Tuesday, September 22, 2009
Eric Dolphy is one of my favorite jazz players, as he fluidly balanced the atonal avant-garde jazz of the 60s with the flying chordal improvisation of bop. He follows chords in fleeting flurries of notes that are sometimes quick, dissonant trills and other times smooth melodic arcs. This is one of the more delightful games of expectation vs. reality, as Dolphy clearly always knows exactly what he's doing. Where is his melody going next? There is a nice overall logic to how far out there and how regularly he travels before returning to his harmonic base.
On "Bee Waltz," which has a nice two part chord progression, Dolphy brings out the bass clarinet, and opens with a variety of bubbling dissonances before settling into a rapidfire melodic arc following the quick ii-V chord changes. Observing his choice of melody or dissonance over the two parts of the harmonic structure of the tune is fascinating. He tends to favor melody over the ii-V part for most of his solo, and settles between "free" wailing and modal gymnastics for the first part of the progression. Really really really stimulating, which is good for me since I crave stimulation.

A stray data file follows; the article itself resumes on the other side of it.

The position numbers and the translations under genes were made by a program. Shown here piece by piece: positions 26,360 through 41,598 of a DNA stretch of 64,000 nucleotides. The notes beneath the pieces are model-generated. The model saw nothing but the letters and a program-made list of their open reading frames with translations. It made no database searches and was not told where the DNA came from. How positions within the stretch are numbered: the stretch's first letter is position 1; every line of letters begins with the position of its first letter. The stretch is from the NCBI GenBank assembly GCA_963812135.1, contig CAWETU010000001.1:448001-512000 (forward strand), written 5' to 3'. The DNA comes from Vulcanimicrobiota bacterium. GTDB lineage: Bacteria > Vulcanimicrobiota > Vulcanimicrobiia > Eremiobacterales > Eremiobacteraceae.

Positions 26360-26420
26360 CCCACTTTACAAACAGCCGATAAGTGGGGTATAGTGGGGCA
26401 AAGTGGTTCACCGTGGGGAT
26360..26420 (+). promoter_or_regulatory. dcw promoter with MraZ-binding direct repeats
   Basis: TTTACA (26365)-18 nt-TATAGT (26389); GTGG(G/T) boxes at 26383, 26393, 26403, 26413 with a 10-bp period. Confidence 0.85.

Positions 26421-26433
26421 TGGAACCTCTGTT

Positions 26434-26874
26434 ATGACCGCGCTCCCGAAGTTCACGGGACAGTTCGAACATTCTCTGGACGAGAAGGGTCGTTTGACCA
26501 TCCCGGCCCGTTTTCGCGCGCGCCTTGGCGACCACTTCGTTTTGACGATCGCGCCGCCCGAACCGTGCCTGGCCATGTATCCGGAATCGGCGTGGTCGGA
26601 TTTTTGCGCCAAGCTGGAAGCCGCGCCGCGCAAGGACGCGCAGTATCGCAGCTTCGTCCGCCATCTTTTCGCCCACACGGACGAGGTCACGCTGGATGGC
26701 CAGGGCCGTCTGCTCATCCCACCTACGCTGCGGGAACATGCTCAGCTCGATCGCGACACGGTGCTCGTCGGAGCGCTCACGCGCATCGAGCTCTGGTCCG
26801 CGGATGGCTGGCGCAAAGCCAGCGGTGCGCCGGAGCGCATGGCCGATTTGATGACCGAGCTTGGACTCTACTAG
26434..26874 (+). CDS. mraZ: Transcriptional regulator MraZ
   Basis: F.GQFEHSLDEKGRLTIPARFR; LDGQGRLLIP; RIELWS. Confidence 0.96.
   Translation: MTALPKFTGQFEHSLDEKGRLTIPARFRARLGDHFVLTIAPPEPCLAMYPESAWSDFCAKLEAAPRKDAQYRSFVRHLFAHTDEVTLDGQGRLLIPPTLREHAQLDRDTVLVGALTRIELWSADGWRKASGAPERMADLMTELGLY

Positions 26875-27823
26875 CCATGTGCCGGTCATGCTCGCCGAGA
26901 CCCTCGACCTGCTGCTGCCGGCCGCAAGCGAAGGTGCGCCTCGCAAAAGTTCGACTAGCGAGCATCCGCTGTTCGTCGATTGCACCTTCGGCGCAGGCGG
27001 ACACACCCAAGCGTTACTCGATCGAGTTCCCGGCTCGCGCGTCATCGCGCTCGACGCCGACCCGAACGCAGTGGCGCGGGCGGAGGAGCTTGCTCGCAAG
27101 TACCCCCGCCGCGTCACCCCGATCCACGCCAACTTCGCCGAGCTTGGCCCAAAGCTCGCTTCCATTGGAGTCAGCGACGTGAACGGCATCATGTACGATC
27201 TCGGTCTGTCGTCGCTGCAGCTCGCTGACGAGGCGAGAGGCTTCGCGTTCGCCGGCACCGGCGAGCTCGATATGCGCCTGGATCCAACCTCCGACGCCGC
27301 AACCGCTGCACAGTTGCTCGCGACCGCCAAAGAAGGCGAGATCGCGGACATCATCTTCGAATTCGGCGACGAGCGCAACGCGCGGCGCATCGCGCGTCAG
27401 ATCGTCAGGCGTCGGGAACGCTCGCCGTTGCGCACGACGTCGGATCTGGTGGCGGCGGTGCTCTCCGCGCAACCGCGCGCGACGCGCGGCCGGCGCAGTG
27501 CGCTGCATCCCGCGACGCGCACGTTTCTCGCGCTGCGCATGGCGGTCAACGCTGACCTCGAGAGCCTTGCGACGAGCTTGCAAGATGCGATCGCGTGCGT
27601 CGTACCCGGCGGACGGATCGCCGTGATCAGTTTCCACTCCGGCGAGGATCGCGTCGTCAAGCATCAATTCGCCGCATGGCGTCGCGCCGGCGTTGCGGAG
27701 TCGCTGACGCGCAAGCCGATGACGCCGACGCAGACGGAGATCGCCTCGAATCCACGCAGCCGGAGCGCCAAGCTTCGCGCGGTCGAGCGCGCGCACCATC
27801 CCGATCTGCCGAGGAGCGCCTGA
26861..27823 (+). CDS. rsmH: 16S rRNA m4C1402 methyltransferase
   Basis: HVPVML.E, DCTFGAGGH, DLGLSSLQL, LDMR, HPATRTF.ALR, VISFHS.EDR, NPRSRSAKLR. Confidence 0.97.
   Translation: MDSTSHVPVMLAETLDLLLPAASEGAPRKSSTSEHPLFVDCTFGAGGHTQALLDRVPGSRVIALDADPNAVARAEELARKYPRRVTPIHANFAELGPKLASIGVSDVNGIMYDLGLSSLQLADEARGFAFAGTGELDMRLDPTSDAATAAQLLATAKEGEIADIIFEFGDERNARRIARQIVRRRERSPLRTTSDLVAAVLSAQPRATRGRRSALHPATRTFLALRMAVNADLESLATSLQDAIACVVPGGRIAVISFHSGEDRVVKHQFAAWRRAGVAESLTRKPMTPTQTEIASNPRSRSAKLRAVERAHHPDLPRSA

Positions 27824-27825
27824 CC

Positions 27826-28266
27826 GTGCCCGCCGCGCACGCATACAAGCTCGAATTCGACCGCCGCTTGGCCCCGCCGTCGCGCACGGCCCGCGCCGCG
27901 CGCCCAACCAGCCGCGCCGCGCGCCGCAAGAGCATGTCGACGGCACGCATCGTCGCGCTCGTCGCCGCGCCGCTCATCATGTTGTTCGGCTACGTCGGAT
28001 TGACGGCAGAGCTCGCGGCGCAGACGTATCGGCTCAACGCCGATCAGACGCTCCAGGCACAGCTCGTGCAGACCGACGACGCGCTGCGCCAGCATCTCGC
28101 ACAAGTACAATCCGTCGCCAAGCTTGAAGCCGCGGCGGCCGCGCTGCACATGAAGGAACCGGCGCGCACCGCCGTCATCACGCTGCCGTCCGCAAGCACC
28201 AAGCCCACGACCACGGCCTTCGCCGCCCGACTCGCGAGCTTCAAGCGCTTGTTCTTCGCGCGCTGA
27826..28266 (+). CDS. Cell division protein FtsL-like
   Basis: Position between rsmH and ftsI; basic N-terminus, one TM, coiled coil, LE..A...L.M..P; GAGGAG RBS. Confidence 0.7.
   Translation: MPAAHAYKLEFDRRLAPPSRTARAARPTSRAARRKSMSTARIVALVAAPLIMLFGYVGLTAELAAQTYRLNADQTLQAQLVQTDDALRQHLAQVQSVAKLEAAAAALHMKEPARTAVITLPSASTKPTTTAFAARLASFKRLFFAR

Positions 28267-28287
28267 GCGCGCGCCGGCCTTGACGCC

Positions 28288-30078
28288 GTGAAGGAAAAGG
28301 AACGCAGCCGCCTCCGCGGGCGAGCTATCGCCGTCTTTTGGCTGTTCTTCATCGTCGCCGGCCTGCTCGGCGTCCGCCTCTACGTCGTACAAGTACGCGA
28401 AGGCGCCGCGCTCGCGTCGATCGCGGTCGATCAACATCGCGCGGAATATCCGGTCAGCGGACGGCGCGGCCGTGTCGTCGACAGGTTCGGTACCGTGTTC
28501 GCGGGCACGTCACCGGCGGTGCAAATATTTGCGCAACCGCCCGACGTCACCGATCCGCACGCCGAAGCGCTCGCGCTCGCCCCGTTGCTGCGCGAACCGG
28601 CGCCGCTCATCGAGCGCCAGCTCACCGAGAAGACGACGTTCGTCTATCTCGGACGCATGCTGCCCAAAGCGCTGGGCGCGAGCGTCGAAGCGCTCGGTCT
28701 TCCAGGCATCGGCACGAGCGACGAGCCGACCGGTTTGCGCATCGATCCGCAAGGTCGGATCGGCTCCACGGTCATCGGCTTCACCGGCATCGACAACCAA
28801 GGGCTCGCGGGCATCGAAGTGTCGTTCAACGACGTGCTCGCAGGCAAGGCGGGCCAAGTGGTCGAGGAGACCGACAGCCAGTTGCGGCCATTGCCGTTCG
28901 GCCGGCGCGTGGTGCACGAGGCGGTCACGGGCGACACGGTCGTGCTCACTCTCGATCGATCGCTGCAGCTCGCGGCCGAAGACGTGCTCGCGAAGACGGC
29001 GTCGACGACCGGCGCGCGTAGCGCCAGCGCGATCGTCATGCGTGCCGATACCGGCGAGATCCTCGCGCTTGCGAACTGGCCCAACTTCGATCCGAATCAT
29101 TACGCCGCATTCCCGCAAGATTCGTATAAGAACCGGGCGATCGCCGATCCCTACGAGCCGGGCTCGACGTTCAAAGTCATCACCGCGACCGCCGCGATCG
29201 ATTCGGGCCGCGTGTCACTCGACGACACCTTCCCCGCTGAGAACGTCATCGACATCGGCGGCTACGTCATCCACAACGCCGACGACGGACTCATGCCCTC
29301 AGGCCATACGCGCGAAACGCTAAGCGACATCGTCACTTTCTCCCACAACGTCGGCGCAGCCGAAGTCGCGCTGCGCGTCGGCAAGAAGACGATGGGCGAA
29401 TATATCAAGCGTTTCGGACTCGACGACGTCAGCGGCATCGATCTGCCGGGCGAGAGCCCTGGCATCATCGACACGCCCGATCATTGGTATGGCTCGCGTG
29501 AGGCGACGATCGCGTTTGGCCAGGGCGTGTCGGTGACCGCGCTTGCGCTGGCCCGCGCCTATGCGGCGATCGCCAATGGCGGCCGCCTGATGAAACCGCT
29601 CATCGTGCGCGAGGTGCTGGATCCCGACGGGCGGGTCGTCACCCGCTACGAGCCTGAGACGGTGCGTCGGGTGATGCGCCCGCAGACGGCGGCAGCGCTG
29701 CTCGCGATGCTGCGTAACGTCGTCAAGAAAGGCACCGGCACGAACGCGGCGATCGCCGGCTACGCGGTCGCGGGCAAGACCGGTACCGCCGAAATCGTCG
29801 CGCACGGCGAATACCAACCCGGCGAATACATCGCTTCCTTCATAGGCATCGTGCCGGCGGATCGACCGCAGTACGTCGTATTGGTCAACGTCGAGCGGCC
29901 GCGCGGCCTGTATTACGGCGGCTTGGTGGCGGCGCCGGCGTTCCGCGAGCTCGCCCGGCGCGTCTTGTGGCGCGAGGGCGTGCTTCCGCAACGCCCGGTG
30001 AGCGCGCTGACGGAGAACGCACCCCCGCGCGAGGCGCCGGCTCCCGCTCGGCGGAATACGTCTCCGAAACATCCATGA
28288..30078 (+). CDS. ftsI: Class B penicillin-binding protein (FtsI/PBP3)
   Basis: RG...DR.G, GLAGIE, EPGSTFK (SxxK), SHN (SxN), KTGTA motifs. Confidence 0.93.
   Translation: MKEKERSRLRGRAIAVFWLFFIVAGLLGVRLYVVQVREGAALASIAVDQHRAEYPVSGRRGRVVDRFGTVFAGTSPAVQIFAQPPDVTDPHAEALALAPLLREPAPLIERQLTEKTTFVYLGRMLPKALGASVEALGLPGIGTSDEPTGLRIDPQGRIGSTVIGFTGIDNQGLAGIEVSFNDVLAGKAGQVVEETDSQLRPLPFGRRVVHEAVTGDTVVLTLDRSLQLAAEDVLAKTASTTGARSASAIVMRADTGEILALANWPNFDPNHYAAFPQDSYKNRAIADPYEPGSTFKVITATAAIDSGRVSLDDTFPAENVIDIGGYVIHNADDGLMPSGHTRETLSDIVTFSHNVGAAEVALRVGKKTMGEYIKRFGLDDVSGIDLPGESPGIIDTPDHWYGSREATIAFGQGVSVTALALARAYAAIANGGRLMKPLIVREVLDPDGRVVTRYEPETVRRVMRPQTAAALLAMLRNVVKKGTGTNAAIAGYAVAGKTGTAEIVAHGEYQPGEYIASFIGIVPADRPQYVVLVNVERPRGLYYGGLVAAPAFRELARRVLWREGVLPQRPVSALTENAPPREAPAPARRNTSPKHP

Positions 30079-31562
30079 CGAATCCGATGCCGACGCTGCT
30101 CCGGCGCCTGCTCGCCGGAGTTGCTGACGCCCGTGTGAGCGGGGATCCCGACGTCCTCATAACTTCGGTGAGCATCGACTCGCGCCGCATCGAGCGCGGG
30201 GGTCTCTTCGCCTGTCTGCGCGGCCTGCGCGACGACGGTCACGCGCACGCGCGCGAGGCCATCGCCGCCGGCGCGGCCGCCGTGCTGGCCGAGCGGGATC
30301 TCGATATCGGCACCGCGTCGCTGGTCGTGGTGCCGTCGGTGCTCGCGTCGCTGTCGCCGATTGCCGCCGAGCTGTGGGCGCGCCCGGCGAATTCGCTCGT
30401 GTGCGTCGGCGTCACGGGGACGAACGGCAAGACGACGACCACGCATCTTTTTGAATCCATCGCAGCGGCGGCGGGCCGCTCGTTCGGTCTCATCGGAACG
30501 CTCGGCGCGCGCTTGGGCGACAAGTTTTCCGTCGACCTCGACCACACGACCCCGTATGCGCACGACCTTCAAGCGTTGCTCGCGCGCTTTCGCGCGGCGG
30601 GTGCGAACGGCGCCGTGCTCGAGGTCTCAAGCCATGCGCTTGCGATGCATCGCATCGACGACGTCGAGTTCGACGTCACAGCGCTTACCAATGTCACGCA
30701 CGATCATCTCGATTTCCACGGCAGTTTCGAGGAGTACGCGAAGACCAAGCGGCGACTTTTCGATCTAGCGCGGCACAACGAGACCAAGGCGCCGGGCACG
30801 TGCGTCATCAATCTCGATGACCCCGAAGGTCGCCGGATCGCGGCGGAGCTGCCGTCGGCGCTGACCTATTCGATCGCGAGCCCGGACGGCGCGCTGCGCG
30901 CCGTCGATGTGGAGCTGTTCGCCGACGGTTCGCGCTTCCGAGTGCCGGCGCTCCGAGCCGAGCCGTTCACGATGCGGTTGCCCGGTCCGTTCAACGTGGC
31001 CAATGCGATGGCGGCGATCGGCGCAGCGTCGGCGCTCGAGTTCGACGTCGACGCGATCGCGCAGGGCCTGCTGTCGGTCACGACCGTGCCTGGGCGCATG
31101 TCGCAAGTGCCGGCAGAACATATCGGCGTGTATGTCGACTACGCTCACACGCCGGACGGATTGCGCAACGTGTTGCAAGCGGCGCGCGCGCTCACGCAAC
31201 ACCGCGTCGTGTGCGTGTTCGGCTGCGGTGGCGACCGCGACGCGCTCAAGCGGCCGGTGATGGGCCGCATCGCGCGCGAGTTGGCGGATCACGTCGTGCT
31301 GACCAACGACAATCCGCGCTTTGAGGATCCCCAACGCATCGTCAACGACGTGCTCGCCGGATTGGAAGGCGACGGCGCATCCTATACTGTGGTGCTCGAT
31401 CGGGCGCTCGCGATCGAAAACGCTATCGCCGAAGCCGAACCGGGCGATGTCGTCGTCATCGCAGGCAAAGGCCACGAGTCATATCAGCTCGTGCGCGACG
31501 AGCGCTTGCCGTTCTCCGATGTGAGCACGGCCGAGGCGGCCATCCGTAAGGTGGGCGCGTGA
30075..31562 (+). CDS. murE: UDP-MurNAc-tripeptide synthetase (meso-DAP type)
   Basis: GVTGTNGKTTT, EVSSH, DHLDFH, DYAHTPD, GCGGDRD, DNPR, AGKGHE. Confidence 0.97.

Also, funny that this is called "Fire Waltz" as Dolphy's playing is, to me, quite airy, blue and wet. Sort of an elemental opposite, I guess (terrible, terrible cards btw). Uh, who wants to play Magic I still have some decks.